DECISION: Council approved having Helmer organize a second funding group meeting. The purpose of this meeting will be to review Dill & Company costs estimates, discuss the RLSC funding model, secure commitments and discuss sources of foundation support. Participants will be
- Library director and campus financial administrator from likely Founding Depositors and potential host sites: UO, OSU, PSU, OHSU, Reed, Linfield
- John Popko (SU), providing a perspective from members not planning to store materials in the near term.
- Charles Chamberlin (UW), providing a UW perspective.
Yaple indicated that Whitman College may be able to supply land at a low cost in return for storing materials at a reduced rate. Helmer noted that the site selection process began with Orbis prior to merger and suggested that several new locations might be offered if Council were to reopened site discussions.
When asked about a likely timeline for occupancy Helmer responded that, although construction time is fairly short for such buildings, the primary determinant is availability of funding.
Some Council members expressed an interest in discussing Paul Gehrman's "A Proposed Virtual Storage System" at a future Council meeting.
6. FY06 Budget (Helmer)
Council reviewed the draft budget prepared by Helmer and revised by Executive Committee. Discussion included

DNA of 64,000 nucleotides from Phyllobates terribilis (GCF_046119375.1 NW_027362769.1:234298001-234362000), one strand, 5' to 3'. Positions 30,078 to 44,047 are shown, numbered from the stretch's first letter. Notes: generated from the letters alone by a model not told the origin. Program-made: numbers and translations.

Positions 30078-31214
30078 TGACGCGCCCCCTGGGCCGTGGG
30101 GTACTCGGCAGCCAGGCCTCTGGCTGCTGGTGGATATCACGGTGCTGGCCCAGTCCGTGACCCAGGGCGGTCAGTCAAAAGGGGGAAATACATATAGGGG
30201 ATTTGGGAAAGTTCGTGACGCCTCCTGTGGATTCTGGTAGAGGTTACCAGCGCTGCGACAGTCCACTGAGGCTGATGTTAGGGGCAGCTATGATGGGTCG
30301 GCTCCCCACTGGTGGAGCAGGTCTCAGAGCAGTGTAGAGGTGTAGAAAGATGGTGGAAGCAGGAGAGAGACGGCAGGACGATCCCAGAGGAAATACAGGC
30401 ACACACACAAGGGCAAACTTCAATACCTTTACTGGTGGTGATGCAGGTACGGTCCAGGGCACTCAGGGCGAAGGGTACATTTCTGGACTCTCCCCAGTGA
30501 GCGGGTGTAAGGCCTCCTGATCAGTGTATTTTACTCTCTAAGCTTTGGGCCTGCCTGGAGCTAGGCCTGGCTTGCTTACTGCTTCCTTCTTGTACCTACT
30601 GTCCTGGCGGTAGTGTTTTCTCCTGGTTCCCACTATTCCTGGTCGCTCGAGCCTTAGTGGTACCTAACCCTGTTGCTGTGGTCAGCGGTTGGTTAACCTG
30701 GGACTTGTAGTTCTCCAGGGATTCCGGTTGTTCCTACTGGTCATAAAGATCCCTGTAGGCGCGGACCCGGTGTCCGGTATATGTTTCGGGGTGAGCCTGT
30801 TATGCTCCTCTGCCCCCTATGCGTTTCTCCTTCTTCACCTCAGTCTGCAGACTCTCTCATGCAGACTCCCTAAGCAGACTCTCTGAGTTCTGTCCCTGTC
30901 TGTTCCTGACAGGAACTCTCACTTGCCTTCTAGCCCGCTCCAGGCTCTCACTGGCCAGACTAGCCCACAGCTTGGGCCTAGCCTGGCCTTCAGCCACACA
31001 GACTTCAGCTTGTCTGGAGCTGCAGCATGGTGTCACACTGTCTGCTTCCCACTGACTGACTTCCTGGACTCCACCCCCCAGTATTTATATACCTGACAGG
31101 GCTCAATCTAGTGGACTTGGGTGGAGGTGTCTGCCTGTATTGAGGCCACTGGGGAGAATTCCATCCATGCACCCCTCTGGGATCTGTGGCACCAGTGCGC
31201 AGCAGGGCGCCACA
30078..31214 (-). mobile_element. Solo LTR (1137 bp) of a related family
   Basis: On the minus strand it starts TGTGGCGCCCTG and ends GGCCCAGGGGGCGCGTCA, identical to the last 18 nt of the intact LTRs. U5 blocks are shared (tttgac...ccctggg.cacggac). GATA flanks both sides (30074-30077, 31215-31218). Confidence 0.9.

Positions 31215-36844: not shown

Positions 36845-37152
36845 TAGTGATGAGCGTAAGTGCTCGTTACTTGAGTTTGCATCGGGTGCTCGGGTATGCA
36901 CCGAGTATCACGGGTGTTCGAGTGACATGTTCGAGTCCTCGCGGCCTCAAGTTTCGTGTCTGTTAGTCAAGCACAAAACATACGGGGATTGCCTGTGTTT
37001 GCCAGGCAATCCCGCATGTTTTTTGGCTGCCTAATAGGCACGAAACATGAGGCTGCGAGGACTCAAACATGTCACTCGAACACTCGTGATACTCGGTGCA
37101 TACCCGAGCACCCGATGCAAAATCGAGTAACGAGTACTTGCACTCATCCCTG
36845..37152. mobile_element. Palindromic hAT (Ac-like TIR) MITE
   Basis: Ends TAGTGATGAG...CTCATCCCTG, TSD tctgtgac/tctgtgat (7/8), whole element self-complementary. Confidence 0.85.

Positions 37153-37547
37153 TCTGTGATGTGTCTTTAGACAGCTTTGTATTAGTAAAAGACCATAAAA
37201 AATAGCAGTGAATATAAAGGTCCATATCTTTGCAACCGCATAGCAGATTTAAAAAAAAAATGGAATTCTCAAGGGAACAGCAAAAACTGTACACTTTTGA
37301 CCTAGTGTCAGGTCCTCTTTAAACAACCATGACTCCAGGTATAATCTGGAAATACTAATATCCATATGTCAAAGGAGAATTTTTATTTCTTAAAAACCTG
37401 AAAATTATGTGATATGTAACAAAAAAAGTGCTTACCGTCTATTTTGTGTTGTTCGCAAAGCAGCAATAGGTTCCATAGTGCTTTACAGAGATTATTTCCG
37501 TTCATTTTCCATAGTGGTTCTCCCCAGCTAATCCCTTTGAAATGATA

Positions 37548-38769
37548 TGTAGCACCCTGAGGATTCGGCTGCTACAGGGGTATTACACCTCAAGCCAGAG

- potential reimbursement of article net-lenders via the Alliance budget
- should there be an increase in the travel pool allocated to member libraries?
- should a separate courier reserve be created?
- should a larger amount be allocated to support teleconferencing expenses? Helmer noted that ICCL and OUS reports on teleconference options have not be received yet and potential costs are unknown.
MOTION: Owen moved to have Helmer and EC revise the budget and seek adoption via email.
VOTE: Council voted unanimously in favor of the motion.
ACTION: Helmer will work with Executive Committee to revise the budget as follows:
- Add "and 'new initiative'" to Income note 2.
- Examine how the "new initiative" and "new member" expense columns relate to the reserve and determine if there is a better or clearer way to present this information.
- Clarify the meaning of the last two columns in the Membership Fees worksheet (total change and percent change in fees paid by current members) and add figures for the change and percent change in the total budget.
Budget will be revised, distributed to Council, and a vote taken by email.
ACTION: In order to plan for the future, Executive Committee was asked to work with Helmer to create a conceptual budget based on no growth in membership.
ACTION: Executive Committee will consider an appropriate mechanism for determining what the "new initiative" will be.
7. Resource Sharing at the Article Level
Chmelir reviewed the Collection Development and Management Committee's report concerning the Article Supplier Study assigned by Council in January. Nancy Nathanson joined Council by phone to answer questions about the data analysis.
Topics explored included:
- recorders had difficulty interpreting holdings in Summit due to the widely varying practice among member libraries.
- although statistics for requests that are owned by only one library are very low, how often are requested articles only available from a small subset of Alliance members? For example, how many times are the titles available from only a few libraries, but they are the same libraries as those most hard hit as the single holding library? The study did not specifically address this question but such information might be available with further data analysis.